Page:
These technologies include Blind Spot Information System, active park assist, lane-departure warning, and adaptive cruise control and collision warning with brake support. These vehicle sensing systems, offered on many Ford vehicles today, are the building blocks for the future of fully automated driving.

In North America, these technologies can be found on Ford Focus, C-MAX hybrids, Fusion, Taurus, Escape, Explorer and Flex. In Europe, these technologies are available on Ford C-MAX, Mondeo, S-MAX and Galaxy.

"Products such as Ford Fusion Hybrid give us a head start in the development of automated features," said Paul Mascarenas, chief technical officer and vice president, Ford research and innovation. "Our Blueprint for Mobility aligns the desired outcomes of our work in automated functionality with the democratization of driver-assist technology found on today's lineup of Ford products."

Ford's Fusion Hybrid research vehicle is unique in that it first uses the same technology found in Ford vehicles in dealer showrooms today, then adds four scanning infrared light sensors – named LiDAR (for Light Detection And Ranging) – that scan the road at 2.5 million times per second. LiDAR uses light in the same way a bat or dolphin uses sound waves, and can bounce infrared light off everything within 200 feet to generate a real-time 3D map of the surrounding environment.

The sensors can track anything dense enough to redirect light – whether stationary objects, or moving objects such as vehicles, pedestrians and bicyclists. The sensors are so sensitive they can sense the difference between a paper bag and a small animal at nearly a football field away.

Working together
Developing the necessary infrastructure to support a sustainable transportation ecosystem will require the collaboration of many partners across multiple industries. State Farm and the University of Michigan's robotics and automation research team are critical to creating the visionary research project.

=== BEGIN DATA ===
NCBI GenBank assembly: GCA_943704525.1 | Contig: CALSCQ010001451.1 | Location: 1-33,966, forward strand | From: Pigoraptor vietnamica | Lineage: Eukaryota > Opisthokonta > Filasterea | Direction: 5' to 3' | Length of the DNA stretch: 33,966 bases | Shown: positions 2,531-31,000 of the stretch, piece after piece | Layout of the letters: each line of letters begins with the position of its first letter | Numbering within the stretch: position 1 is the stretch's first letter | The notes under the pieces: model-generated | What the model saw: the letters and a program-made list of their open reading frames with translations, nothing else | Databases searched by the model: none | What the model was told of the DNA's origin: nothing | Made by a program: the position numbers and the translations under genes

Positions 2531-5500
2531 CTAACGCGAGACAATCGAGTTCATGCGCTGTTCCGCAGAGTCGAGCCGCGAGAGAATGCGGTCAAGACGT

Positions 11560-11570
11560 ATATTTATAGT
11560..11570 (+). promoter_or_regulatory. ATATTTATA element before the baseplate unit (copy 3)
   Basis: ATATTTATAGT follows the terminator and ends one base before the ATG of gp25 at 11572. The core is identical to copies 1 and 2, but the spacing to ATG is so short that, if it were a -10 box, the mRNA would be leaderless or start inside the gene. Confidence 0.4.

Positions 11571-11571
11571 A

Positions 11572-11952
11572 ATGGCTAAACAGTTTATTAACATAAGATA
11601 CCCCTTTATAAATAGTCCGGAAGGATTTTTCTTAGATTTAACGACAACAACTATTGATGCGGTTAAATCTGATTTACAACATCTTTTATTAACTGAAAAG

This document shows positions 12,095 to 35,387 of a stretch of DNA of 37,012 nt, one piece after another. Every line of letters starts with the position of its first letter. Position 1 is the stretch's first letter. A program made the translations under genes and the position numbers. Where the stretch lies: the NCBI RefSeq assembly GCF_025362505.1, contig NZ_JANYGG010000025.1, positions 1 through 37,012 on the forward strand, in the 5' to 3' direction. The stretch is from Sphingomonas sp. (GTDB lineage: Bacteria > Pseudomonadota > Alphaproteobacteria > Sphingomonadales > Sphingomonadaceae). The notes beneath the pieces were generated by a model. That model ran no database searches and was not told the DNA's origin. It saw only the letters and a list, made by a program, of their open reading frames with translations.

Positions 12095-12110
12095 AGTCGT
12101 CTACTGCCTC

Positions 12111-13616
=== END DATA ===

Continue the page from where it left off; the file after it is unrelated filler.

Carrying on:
Ford's work with others on the future of mobility is longstanding. Ford was an active participant in the Defense Advanced Research Projects Agency (DARPA)-controlled autonomous vehicle challenges in 2004, 2005 and 2007, the year Ford extended its efforts to include the University of Michigan.

While Ford is responsible for developing unique components allowing for the vehicle to function at high levels of automation, the University of Michigan – under the direction of faculty members Ryan Eustice and Edwin Olson – is leading in development of sensor-based technologies. The sensors aid in the logic and virtual decision making necessary to help the vehicle understand its physical surroundings on the road.

The university's researchers are processing the trillions of bytes of data collected by the vehicle's sensors, from which they can build a 3D model of the environment around the vehicle. The goal is to help the vehicle – and the driver – make appropriate and safe driving decisions.